David Cameron is polling nowhere near as good as Tony Blair at the same stage of the electoral cycle.
Benjamin Wegg-Prosser, Tony Blair’s former Director of Strategic Communications, has written on his blog that David Cameron is still some way behind Blair in 1996. Wegg-Prosser, Director of Strategy at one of Russia’s largest online media companies, has written on his blog:
“Taking Mori data Labour had not slipped below 48 percentage points from the moment that Blair became leader and had peaked at 61 per cent. Cameron today is in nothing like as strong a position, his ratings have touched 52 per cent but have also gone a low as 28 per cent. Crucially, Labour has shown it can eat into the Tories’ lead, as it did this week, during the peak financial crisis last year and during Brown’s early months in office.
“I suspect that the decision [of The Sun] to fall in behind Cameron has more to do with: the Sun’s declining circulation (they love a drop of good PR in East London); the fact that News International’s new chief executive wants to flex her political muscles; and pressure from the Tories who want to bring the paper’s still considerable campaigning weight behind their efforts as we enter the home straight of the electoral cycle.”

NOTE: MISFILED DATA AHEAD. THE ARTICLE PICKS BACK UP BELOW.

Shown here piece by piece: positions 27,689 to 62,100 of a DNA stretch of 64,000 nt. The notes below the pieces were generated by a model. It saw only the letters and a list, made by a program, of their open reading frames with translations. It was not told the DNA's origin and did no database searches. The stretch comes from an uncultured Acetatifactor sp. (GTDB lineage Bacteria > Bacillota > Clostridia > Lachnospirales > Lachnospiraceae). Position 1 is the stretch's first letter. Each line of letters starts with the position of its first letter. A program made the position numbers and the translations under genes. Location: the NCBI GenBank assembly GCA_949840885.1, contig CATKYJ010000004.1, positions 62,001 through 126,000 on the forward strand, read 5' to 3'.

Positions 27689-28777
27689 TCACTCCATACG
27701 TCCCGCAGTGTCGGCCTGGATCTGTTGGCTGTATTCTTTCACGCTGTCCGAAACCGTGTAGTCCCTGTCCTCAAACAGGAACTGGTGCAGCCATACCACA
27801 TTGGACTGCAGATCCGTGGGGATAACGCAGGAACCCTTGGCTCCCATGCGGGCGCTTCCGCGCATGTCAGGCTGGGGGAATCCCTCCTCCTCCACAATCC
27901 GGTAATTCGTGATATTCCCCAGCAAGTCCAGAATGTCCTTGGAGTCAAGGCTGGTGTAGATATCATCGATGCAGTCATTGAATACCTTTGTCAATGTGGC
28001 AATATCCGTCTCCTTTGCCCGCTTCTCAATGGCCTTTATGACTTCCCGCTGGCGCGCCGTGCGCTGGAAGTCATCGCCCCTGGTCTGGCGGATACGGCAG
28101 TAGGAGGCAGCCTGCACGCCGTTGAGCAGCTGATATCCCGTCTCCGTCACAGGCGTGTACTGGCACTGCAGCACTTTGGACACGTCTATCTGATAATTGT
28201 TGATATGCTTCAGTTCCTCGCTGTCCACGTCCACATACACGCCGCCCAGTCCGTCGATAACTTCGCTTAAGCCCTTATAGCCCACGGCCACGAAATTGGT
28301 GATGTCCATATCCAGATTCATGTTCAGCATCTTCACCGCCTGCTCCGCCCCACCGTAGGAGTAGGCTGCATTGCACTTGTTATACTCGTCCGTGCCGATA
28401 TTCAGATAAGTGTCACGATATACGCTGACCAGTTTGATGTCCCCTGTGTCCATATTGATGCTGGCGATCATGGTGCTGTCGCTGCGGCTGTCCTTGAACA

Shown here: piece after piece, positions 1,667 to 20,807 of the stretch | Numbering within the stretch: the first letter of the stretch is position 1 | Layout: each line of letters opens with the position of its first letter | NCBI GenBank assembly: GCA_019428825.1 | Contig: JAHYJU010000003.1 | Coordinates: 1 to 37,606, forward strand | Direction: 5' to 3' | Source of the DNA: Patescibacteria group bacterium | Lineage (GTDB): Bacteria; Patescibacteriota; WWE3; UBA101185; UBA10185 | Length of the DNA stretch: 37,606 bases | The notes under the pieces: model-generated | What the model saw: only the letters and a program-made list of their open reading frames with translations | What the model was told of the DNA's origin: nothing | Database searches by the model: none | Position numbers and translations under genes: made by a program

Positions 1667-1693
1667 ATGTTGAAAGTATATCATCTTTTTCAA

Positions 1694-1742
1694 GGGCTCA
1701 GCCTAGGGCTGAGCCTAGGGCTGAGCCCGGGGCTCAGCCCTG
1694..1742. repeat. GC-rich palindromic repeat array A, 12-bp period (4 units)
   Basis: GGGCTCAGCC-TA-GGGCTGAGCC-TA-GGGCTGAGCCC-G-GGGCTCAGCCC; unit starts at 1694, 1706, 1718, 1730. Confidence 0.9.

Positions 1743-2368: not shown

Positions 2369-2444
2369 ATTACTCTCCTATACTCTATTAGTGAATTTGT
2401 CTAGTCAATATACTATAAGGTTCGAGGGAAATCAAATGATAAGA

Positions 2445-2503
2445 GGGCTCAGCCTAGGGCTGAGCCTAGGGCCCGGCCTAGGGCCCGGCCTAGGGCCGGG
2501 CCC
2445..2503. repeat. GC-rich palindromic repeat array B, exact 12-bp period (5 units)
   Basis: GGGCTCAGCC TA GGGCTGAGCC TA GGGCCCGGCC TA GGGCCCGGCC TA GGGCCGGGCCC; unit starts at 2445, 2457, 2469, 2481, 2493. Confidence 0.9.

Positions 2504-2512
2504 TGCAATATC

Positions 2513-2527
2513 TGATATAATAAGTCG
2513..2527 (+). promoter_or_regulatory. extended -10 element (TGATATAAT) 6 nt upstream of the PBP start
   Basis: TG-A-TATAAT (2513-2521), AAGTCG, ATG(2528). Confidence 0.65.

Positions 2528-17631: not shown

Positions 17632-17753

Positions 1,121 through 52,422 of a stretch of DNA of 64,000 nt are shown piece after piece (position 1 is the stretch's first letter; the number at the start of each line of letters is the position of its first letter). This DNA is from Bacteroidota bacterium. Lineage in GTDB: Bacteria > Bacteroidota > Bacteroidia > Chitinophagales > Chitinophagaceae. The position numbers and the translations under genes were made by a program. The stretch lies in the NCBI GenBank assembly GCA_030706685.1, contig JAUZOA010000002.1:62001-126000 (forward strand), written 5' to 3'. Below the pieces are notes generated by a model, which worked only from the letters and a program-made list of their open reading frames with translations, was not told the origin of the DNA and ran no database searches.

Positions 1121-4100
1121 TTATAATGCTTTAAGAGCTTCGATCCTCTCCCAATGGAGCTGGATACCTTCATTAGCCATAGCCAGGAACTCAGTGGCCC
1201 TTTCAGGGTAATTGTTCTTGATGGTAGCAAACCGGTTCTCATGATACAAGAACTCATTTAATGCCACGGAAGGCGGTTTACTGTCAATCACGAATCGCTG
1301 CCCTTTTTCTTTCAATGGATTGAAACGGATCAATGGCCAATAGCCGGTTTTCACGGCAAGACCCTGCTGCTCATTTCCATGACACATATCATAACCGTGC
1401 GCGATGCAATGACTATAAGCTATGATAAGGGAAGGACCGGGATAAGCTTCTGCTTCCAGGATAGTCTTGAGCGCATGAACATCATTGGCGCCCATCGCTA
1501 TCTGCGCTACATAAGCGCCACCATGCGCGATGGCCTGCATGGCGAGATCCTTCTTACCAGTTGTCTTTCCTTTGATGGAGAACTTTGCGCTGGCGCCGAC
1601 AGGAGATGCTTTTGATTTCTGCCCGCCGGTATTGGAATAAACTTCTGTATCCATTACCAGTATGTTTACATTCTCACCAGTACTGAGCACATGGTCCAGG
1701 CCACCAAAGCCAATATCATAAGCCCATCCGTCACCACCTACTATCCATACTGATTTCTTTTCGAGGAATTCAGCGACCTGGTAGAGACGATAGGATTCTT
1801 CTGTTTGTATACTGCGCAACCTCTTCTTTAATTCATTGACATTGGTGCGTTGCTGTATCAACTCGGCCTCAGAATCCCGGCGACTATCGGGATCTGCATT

And Cameron has been dealt a further blow by YouGov’s latest tracker poll which saw the Tory lead over Labour cut in half from 16 points to seven – the Tories on 37 per cent (down three) and Labour on 30 per cent (up six).
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